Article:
No doubt pressure for this kind of ‘two-nationism’, of making positionally weaker humans into ‘others’, will surely form the substance of the Tory response to this speech – alongside subsequent a Blairite call to triangulate it (or as I prefer, ‘submit’). Labour, after all, isn’t learning – right?

But moving back, I was moved to a deeper thought about what social democracy in the first place means to me by Ashton (whose opinion I value and await).

He asks:

…This has been niggling me for a couple of days. How do you feel about the One Nation rhetoric?

Very much in favour. For me my social democracy can basically be summed up as ‘settled consensus that we have obligations to each other, that bodies must carry them out in a way which is widely democratically accountable, and that fulfilling them helps to make us each more free’ [*].

I don’t think that society and the state are the same thing, but I also think it is artificial to seperate them when the goal of the state is to serve society, when much of society benefits from the state, much of society works for it, and pretty much all of society to some degree or another pays for it.

What I’m saying is that I think the heritage of One Nation stretches beyond individual philanthropy, though Disraeli himself probably would not have approved. I think it stretches from one nation Toryism, deep into social democracy. Economic liberalism is not totally alien to it either, but I think that there is still a mad dash for economic liberalism which is massively socially divisive, and is as contrary to One Nation philosophy as exiling the rich.

Anyway, I think it’s a bold move, and whether Tory or Social Democratic, the driving feature is basically human compassion – something that I think is the main thing our society is forgetting, lamentably. I don’t want someone ruining my mortgage or cutting my wages – nor am I happy to see people spit in the face of bus drivers.

Common manners and respect need a big return, in society and in the economy.

Anyway, here’s my family secret. A political one too.

When I was very young, indeed before I can remember, my father was awarded custody of me. I have lived with him and my Stepmother since when he met her (I was three). My biological mother has been estranged to me for what I make twelve years, for various reasons, though I am considering getting in touch with her now.

Anyway, turns out that one of Ashton’s predecessors as the Tory Chair at Manchester Uni was her father**. Uber One-Nation MP. I never met the bloke, and having politicised into the left at a young age, and with a class background of skilled manual labour via my father and his family, it rather shocked me. His wife was descended from Charles II! Mad.

Oh well. There is plenty of determism aside from the genetic.

The fact is, as happy as I am to accept the rhetoric of One Nation, if I was a Tory, I would be a Thatcherite. I respect ideological leadership, sticking to guns, and having guns to stick to in the first place.

I think if there is to be one nation, that’s all well and good. And if the term helps gain support for it, that’s just as well.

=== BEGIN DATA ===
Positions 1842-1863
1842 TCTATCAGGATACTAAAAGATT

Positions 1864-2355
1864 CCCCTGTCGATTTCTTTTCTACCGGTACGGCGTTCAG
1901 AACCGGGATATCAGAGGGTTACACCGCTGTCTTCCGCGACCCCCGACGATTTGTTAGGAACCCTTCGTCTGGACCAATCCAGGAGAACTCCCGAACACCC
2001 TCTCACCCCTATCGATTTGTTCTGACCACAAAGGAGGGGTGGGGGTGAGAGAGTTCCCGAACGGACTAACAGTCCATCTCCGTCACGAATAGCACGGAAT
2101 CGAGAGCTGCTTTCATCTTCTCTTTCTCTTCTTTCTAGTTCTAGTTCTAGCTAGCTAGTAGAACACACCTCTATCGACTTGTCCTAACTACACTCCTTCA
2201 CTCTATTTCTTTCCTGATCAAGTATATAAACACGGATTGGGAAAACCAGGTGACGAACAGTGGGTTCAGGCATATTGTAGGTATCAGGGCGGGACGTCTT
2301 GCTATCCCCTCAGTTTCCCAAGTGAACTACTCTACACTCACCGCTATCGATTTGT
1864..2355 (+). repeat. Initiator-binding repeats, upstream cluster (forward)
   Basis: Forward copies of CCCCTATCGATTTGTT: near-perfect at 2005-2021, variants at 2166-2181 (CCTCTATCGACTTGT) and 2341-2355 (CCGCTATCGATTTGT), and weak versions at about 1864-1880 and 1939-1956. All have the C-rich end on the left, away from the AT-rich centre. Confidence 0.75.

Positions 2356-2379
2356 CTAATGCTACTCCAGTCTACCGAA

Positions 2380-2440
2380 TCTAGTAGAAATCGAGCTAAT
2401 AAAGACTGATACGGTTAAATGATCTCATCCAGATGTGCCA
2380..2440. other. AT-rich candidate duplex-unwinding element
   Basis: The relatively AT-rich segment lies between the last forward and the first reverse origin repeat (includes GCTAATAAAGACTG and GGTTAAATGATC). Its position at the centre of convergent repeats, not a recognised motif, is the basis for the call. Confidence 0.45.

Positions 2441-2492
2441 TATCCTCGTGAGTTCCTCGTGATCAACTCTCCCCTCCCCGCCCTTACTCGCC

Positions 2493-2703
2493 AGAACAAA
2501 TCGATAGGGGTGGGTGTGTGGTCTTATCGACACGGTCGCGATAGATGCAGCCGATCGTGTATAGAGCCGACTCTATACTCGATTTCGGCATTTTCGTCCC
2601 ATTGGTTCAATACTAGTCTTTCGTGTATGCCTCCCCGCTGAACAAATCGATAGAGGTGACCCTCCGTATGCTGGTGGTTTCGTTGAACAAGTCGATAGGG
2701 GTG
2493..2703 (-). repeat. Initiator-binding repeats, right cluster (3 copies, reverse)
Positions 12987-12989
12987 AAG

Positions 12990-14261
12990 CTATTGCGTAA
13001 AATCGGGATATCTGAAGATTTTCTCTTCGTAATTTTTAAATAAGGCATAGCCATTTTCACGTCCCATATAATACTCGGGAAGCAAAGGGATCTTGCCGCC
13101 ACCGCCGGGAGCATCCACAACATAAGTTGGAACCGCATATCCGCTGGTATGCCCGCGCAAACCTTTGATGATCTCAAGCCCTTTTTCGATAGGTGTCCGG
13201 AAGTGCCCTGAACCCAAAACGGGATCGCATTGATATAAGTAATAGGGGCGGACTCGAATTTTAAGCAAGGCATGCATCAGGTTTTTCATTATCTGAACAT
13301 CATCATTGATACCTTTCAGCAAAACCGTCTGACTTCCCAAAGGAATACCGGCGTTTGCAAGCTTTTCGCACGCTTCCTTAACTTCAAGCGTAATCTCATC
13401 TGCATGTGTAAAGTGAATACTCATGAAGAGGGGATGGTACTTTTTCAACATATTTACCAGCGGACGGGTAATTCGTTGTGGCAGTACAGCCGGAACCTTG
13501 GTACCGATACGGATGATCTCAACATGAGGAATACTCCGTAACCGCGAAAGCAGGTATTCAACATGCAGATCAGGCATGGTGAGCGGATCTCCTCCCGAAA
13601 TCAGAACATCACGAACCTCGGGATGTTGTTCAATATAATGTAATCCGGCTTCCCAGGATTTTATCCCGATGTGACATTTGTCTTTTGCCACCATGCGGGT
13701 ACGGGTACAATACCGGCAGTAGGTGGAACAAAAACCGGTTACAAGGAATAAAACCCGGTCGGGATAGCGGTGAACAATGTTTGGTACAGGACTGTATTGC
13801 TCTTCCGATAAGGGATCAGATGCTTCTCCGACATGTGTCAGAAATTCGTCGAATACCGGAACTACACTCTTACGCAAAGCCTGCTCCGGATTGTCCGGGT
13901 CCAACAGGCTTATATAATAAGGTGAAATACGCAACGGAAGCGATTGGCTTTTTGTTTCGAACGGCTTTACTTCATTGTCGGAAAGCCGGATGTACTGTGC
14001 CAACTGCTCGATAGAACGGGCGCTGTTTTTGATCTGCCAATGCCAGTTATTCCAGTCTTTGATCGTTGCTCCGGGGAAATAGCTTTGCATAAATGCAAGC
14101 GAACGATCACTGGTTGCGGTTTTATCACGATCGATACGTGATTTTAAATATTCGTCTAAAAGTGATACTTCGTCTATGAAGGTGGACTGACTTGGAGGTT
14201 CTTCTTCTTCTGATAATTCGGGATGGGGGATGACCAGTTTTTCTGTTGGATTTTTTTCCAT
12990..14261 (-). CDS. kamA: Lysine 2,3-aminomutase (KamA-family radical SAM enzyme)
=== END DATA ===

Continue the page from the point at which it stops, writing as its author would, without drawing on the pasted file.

But Disraeli’s mistake was that he thought a society that encouraged freedom and was at ease with itself was the rightful gift of the honourable rich.

But wealth is not gained for honour. Nor is it spent in the pursuit of obligation.

Wealth under neoliberalism is precisely and literally the privilege of being in a different nation. If the poor don’t like tax, they buy less food. If the rich don’t like tax, they move. The same logic applies to pay rises in the two nations.

We need One Nation. ‘Middle class’ workers are essential to engendering this. But it’s not the disadvantaged who split the nation in the first place. If the nation is to be brought towards a tolerant, pluralist and relatively equal place – ‘One Nation’ – then democratic and civic power over divisive market dogma must be massively increased, and on terms which are inclusive of the disadvantaged – our subaltern ‘second nation’. It’s simply not One Nation if they are forced into a cramped island with no way out. And make no mistake, that’s where they are headed, and have been headed for decades.

This inclusion is not something achieved through centrist vaccilation. Particularly in this climate of divisive attacks, and the intended resentment culture that now sits in place of solidarity. In situations where forces are jockeying beneath the surface for position, it’s achieved by creating a social coalition which is broad, yes, but also genuinely progressive, and has reason to be. Good luck getting that from establishment wets! It’s a path we have tried for years.

There are very, very few ‘progressive’ Tories. Show me a Tory as left wing as Disraeli these days, and I’ll show you a Compass member. Leadership towards a more cohesive society isn’t just something the broad left has a claim to.

When it comes to questions of motivation and material ability, they are the only forces in the country capable of taking the claim up, and the labour movement in particular the only one with the withdrawable surplus and power in numbers for the battle ahead.

The die is cast. The struggle of note will therefore be that to achieve leadership within the paradigm itself.

My next post will be about the virtues of populism. It will be shorter.

* Note – perhaps I should have added in ‘that economic class as related to ownership is a major obstacle to this’?
** In the interests of my own credibility, not that proper lefts judge us on lineage, I should point out that I am also descended from a Communist militant immigrant bus driver from the T & G who sacrificed his life to fight Franco. I think that means I genetically average out somewhere near Roy Hattersley.